He has taken away the covering of Judah. In that day you looked to the weapons of the House of the Forest, and you saw that the breaches of the city of David were many. You collected the waters of the lower pool, and you counted the houses of Jerusalem, and you broke down the houses to fortify the wall. You made a reservoir between the two walls for the water of the old pool. But you did not look to him who did it, or see him who planned it long ago.
It’s the age-old problem: Man can do all he wants to prepare for what is to come, but if he doesn’t consult God, it’s all for naught.
Jesus teaches us this in the Beatitudes in Matthew 6:19:
“Do not lay up for yourselves treasures on earth, where moth and rust destroy and where thieves break in and steal . . . “
He expands this idea in Luke 12:13-21:
Someone in the crowd said to him, “Teacher, tell my brother to divide the inheritance with me.” But he said to him, “Man, who made me a judge or arbitrator over you?” And he said to them, “Take care, and be on your guard against all covetousness, for one’s life does not consist in the abundance of his possessions.” And he told them a parable, saying, “The land of a rich man produced plentifully, and he thought to himself, ‘What shall I do, for I have nowhere to store my crops?’ And he said, ‘I will do this: I will tear down my barns and build larger ones, and there I will store all my grain and my goods. And I will say to my soul, “Soul, you have ample goods laid up for many years; relax, eat, drink, be merry.”’ But God said to him, ‘Fool! This night your soul is required of you, and the things you have prepared, whose will they be?’ So is the one who lays up treasure for himself and is not rich toward God.”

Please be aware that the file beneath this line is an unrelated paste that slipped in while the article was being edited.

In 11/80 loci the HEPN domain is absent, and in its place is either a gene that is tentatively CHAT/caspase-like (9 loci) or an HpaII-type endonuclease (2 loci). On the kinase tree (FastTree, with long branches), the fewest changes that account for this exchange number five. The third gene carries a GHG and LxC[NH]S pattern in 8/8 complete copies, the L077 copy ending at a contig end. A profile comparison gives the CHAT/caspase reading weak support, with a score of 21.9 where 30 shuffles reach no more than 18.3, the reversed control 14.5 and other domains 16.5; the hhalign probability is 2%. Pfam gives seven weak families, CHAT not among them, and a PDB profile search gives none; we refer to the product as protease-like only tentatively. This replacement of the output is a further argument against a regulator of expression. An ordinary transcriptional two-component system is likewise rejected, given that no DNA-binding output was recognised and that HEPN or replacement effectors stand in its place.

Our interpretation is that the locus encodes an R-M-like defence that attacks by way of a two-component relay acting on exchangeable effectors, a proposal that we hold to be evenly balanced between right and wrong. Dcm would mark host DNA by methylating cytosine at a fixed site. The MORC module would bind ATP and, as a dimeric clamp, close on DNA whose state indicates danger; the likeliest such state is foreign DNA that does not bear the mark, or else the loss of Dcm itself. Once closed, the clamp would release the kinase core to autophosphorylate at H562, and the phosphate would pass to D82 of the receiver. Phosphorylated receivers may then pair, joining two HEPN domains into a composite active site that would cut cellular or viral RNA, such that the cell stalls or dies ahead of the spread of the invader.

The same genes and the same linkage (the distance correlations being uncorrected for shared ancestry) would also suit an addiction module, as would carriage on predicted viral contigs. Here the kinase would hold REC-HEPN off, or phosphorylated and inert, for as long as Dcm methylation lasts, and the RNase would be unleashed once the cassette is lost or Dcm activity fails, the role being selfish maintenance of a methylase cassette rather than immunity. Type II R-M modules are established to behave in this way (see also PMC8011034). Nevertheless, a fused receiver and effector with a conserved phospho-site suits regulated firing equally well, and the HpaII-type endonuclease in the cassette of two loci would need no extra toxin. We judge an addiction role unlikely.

It doesn’t matter what we do to prep for any coming situation in this world, God is in charge. As The Preacher – King Solomon – says in Ecclesiastes, all that we do in this world is vain – it’s folly – unless we turn to God as our source and hope of life.
It’s for this reason that Jesus told the parable in Luke 12:35-40:
“Stay dressed for action and keep your lamps burning, and be like men who are waiting for their master to come home from the wedding feast, so that they may open the door to him at once when he comes and knocks. Blessed are those servants whom the master finds awake when he comes. Truly, I say to you, he will dress himself for service and have them recline at table, and he will come and serve them. If he comes in the second watch, or in the third, and finds them awake, blessed are those servants! But know this, that if the master of the house had known at what hour the thief was coming, he would not have left his house to be broken into. You also must be ready, for the Son of Man is coming at an hour you do not expect.”
The only prepping we have to do is to be ready for Christ’s imminent return. This is our job – our purpose, i.e. to occupy until He comes by proclaiming the Gospel of Jesus Christ for the salvation of souls. The virtuous servants in this parable watched the horizon and kept the fires burning for their master who might return at any time. The dishonorable servants had no clue and apparently didn’t care. Who was faithful?
There’s nothing wrong with prudently preparing for a short-term emergency, in fact, we should, given the instability in the world.
I don’t expect my feeble arguments to change the minds of our prepping friends, but I do hope that they will reconsider who God is and His promises to His church – His Bride – His friends – His children – His Beloved. God will not allow those of us who are called by these names – His Name! – to suffer alongside the unbelieving world in the days soon to come.
How thankful I am for what he has in store for those of us He loves – we who have loved Him in return.